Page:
Skip To Content
Fast Forward

97-year-old former member of Nazi death squad dies at home in Canada

(JTA) — A translator for a Nazi death squad died at home in Ontario at the age of 97, ending a decades-long effort to deport him from Canada for his role in the murders of tens of thousands of Jews.

Helmut Oberlander, who was born in Ukraine in 1924, had long said that he was forced on pain of death at age 17 to become an interpreter for Einsatzkommando 10a, a Nazi unit. The death squad killed nearly 100,000 people, most of them Jews, according to the CBC. Oberlander had not been accused of directly taking part in killing anyone.

In 1954, he emigrated to Canada and hid his activities during the war, eventually raising a family. His Nazi past appears to have been discovered as early as the 1960s. In the mid-1990s, the government began the process of revoking his citizenship, which succeeded after repeated appeals. He was in the midst of deportation hearings when he died on Wednesday.

B’nai Brith Canada, a Jewish organization, had fought for years for Oberlander’s deportation.

“The peaceful demise of Helmut Oberlander on Canadian soil is a stain on our national conscience,” Michael Mostyn, B’nai Brith Canada’s CEO, said in a statement. “The fact is that this country slammed its doors on Jewish refugees fleeing the Nazis, then allowed some of their tormentors into Canada and failed to deport them.”

The post 97-year-old former member of Nazi death squad dies at home in Canada appeared first on Jewish Telegraphic Agency.

A message from our editor-in-chief Jodi Rudoren

We're building on 127 years of independent journalism to help you develop deeper connections to what it means to be Jewish today.

With so much at stake for the Jewish people right now — war, rising antisemitism, a high-stakes U.S. presidential election — American Jews depend on the Forward's perspective, integrity and courage.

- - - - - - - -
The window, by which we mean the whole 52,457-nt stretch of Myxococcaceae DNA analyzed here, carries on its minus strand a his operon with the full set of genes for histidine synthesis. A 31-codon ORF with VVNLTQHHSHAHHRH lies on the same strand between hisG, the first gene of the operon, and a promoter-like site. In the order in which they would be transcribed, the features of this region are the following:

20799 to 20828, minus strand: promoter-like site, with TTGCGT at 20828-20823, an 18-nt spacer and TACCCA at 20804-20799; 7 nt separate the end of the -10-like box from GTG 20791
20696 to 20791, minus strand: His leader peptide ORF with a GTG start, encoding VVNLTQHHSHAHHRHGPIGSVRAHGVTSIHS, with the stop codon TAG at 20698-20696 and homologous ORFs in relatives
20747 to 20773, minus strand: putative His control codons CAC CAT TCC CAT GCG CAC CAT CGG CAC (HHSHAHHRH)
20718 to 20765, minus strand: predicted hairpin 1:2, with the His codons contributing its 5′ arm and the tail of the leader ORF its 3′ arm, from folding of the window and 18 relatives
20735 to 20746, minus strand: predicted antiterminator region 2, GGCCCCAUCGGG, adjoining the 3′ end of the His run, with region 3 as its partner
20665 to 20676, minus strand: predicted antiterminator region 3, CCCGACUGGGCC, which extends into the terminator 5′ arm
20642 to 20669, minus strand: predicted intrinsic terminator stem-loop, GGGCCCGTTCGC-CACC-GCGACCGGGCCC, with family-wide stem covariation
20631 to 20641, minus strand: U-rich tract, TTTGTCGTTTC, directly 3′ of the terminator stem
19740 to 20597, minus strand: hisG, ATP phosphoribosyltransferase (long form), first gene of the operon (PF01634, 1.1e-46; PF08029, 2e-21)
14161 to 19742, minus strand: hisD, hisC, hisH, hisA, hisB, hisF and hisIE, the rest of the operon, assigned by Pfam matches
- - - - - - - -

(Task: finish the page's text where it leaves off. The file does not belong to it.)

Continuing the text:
—  Jodi Rudoren, Editor-in-Chief 

Join our mission to tell the Jewish story fully and fairly.

Republish This Story

Please read before republishing

We’re happy to make this story available to republish for free, unless it originated with JTA, Haaretz or another publication (as indicated on the article) and as long as you follow our guidelines. You must credit the Forward, retain our pixel and preserve our canonical link in Google search.  See our full guidelines for more information, and this guide for detail about canonical URLs.

To republish, copy the HTML by clicking on the yellow button to the right; it includes our tracking pixel, all paragraph styles and hyperlinks, the author byline and credit to the Forward. It does not include images; to avoid copyright violations, you must add them manually, following our guidelines. Please email us at [email protected], subject line “republish,” with any questions or to let us know what stories you’re picking up.

We don't support Internet Explorer

Please use Chrome, Safari, Firefox, or Edge to view this site.